sci-pi.org.uk on Pis

Once the initial installation of Raspbian has completed, which seems to take around 20 minutes on a Pi 4, one should find that everything one needs is installed.

(The above might not be true for the beta 64 bit version of Raspberry Pi OS. In which case,

$ sudo apt-get install python3-matplotlib python3-cairo python3-numba python3-gi-cairo

might help.)

The differences between the various Pi models are mostly in speed and memory capacity, and the software should behave in the same way on all.

Users of small, old, Pis might like to use nano as a text editor. This should be started from a terminal window.

$ curl -O http://www.sci-pi.org.uk/maths/mersenne_fast.py
$ chmod +x mersenne_fast.py
$ nano mersenne_fast.py

It has a friendly status line at the bottom reminding one of the major commands available by pressing the control key (Ctrl, represented by ^) with a given letter.

Those wishing to launch a light-weight GUI editor from the terminal can try

$ mousepad mersenne_fast.py &

Here the final & allows the shell's command prompt to return before the application finishes, so that one can continue to use the terminal window whilst the editor is running. It seems that mousepad produces four GTK warnings every time it is started, so it may be best to keep a copy running and not restart it very often, unless one likes reading warning messages.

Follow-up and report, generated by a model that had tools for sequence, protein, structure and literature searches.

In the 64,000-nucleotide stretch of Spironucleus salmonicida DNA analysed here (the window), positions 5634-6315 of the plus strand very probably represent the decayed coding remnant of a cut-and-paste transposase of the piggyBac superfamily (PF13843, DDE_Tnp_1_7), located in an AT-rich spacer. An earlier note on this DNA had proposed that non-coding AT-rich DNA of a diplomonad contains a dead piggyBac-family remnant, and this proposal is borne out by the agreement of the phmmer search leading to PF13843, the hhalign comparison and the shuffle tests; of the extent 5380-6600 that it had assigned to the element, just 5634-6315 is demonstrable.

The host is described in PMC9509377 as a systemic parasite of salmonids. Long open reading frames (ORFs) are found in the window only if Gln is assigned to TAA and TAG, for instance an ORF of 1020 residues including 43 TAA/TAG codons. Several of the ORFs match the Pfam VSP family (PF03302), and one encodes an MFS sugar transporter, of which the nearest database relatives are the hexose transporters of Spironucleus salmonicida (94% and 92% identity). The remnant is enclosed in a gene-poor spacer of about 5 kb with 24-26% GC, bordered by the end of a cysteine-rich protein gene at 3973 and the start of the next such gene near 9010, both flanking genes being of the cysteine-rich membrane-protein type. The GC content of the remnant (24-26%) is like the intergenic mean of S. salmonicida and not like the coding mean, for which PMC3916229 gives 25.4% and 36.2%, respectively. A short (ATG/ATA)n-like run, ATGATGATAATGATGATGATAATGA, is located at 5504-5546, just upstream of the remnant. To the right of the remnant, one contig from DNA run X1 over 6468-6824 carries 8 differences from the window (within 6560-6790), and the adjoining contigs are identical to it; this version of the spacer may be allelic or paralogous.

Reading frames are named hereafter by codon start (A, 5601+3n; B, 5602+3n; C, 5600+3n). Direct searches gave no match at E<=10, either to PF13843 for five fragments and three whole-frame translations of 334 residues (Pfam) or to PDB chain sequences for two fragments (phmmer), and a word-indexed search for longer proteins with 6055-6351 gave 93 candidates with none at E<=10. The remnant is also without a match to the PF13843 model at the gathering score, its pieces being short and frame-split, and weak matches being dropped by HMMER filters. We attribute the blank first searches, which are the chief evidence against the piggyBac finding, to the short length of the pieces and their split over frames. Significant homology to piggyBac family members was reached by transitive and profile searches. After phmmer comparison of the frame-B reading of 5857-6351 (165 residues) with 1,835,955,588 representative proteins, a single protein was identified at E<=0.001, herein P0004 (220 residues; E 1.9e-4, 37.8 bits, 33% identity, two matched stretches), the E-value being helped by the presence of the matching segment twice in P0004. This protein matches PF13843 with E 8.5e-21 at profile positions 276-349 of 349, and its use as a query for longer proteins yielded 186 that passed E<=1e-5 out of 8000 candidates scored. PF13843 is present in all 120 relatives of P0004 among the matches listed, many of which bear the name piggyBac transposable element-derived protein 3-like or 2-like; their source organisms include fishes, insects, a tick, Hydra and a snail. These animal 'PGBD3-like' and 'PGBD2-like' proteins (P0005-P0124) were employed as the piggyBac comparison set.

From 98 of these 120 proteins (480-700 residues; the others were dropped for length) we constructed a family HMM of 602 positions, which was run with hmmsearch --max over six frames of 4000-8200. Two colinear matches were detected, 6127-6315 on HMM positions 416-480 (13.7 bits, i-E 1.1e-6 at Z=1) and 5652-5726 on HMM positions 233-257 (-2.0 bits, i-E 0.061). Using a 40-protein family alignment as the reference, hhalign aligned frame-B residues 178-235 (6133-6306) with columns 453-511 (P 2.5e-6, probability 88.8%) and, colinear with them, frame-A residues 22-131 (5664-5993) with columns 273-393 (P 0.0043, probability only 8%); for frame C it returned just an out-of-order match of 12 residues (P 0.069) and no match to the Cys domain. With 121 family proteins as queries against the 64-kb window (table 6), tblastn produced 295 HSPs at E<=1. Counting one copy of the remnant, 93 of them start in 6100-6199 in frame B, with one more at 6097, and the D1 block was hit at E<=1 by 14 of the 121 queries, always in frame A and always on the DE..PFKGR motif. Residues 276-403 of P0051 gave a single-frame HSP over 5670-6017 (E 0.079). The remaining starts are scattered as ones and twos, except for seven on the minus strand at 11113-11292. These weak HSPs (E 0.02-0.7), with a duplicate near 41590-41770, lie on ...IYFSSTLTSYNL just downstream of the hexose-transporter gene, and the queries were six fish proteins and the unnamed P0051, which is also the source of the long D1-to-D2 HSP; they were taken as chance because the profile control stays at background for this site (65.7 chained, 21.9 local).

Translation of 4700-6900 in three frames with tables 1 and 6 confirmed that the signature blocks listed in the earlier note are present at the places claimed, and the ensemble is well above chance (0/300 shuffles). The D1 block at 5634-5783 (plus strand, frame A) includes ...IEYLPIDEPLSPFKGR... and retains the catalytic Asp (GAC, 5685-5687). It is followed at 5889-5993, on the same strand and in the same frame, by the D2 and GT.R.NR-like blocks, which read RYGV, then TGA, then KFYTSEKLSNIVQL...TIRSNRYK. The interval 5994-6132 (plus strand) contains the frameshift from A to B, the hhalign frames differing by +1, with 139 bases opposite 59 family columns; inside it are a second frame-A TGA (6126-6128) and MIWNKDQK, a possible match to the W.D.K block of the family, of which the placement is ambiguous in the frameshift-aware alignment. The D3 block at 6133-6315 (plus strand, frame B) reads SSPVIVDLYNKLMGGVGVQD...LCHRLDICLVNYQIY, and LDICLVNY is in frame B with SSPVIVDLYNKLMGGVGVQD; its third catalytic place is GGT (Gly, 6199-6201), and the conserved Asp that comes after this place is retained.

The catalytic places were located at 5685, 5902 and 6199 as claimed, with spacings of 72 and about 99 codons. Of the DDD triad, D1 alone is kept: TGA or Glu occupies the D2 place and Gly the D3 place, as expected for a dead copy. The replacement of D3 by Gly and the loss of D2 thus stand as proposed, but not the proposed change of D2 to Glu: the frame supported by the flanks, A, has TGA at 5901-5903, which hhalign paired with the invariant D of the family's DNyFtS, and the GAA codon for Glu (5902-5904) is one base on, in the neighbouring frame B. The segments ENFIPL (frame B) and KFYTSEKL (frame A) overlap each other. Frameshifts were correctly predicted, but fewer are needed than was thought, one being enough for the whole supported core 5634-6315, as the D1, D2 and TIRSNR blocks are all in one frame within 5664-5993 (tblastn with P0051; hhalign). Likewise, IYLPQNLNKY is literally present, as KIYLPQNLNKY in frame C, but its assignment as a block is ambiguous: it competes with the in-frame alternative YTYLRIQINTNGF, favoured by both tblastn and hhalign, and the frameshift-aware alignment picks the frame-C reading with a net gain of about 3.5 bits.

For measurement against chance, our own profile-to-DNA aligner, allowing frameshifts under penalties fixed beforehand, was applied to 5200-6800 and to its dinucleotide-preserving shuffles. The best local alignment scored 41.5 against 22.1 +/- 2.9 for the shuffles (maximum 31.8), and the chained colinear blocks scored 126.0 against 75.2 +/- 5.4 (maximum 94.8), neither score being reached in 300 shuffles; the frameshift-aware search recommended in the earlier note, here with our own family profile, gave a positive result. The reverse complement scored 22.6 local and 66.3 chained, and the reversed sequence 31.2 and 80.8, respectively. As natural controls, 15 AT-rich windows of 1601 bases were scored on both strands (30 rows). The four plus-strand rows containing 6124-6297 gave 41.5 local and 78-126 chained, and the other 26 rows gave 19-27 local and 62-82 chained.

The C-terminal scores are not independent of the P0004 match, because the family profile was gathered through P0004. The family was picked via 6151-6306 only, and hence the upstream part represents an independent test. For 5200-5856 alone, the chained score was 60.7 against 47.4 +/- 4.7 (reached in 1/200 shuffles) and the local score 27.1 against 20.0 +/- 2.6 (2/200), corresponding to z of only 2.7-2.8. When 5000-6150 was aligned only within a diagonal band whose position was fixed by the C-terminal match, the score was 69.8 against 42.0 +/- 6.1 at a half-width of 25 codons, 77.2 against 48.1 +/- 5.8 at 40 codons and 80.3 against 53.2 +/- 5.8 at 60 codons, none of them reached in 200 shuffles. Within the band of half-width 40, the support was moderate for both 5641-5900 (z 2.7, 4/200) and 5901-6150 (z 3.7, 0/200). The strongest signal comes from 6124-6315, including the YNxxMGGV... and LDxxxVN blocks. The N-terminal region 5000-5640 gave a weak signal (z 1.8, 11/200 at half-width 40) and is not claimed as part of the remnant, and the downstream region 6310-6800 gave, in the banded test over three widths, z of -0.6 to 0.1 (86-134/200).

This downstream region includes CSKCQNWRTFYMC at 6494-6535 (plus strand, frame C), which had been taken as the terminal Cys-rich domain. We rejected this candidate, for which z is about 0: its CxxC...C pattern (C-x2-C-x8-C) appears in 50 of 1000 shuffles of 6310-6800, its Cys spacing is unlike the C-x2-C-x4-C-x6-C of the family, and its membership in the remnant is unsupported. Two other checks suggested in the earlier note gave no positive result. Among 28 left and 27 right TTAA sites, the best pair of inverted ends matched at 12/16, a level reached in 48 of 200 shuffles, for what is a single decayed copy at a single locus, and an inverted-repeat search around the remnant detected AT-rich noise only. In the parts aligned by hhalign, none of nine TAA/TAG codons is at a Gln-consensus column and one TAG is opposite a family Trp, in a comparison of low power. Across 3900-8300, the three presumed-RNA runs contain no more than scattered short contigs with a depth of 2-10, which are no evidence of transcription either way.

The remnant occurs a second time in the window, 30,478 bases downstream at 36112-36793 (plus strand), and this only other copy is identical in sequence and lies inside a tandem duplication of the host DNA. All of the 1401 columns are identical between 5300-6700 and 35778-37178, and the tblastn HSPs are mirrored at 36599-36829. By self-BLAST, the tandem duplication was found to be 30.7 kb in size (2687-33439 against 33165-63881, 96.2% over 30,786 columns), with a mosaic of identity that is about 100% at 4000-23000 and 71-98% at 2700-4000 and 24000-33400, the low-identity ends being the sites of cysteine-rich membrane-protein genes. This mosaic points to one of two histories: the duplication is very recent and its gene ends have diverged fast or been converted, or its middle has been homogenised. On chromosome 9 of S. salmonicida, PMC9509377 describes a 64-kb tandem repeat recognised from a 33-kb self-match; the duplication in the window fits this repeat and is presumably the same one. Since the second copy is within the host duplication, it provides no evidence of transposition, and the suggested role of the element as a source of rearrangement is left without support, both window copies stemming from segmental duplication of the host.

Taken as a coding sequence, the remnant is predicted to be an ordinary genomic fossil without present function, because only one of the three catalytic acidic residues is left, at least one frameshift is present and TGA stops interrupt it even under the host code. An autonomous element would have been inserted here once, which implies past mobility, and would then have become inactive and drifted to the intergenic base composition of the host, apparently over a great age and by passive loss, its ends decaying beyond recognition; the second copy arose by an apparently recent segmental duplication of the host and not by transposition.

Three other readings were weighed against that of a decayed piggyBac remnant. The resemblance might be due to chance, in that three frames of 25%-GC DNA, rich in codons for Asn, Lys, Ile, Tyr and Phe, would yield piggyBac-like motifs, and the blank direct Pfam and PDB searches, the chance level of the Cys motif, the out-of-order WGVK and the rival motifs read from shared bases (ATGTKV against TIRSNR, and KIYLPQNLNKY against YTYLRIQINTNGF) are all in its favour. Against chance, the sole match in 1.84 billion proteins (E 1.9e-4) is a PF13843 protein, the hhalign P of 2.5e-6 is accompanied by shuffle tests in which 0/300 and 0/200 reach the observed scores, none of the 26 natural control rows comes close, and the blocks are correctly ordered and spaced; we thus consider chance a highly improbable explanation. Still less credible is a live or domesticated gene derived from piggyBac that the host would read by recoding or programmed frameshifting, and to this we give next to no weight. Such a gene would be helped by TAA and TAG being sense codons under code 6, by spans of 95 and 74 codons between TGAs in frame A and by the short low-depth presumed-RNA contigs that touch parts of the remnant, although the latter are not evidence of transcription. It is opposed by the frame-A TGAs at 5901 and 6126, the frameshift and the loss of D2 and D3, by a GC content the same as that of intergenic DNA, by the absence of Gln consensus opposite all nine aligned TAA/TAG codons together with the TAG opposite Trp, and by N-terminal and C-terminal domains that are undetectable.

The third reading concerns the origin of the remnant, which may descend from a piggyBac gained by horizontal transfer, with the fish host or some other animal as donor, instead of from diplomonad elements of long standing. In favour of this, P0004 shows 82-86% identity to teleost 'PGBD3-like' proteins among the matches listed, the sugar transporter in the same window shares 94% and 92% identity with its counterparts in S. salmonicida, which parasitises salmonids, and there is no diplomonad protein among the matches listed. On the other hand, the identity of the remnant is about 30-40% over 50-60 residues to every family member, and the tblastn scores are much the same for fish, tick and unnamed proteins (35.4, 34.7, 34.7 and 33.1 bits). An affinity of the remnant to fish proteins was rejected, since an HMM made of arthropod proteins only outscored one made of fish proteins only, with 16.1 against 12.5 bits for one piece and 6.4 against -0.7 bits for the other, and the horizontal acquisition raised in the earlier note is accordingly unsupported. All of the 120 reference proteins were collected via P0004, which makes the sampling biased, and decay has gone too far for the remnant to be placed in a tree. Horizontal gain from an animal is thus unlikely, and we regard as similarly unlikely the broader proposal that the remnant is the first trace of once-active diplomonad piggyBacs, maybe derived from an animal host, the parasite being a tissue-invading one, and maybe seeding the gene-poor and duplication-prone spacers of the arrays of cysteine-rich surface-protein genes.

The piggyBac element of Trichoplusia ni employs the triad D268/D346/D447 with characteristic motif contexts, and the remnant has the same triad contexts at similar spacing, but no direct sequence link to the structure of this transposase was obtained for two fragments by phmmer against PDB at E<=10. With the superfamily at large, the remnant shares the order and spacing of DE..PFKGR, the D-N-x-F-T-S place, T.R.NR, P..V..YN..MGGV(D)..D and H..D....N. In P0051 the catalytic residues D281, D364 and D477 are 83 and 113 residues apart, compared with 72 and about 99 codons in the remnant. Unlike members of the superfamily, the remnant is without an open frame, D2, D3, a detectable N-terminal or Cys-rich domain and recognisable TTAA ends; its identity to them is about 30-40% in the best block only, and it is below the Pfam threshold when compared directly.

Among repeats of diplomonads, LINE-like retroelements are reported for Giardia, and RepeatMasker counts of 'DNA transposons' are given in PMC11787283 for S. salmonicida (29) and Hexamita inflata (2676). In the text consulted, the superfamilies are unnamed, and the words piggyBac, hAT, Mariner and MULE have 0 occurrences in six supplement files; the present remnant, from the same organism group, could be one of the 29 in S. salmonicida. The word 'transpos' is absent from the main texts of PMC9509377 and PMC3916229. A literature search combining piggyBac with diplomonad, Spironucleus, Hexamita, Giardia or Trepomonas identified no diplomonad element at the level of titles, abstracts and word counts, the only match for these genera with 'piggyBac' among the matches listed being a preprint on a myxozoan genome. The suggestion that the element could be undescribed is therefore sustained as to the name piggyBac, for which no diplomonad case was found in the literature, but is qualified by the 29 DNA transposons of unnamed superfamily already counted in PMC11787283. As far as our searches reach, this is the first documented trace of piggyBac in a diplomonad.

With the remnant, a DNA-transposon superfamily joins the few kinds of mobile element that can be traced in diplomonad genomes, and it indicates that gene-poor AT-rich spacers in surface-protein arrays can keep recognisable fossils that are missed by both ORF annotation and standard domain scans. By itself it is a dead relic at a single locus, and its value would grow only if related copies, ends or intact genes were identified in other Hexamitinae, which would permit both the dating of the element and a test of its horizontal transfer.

The mersenne_fast.py file as downloaded tests all Mersenne numbers from 3 (p=3) to 3300 (p<3300). Using the editor one could change this to the range 4201 to 4450 (note that the starting number must be odd). Two more Mersenne primes should be found in that range.

Much of the code quoted on these web pages doubles as a link to a downloadable version. These can be used as follows:

  1. Right-click on the code, and select "copy link address"
  2. In a terminal window, type "curl -O " then click the middle mouse button to paste in the link contents
  3. chmod +x followed by the filename just downloaded
  4. ./ followed by the filename just downloaded (no space, unlike the preceding two commands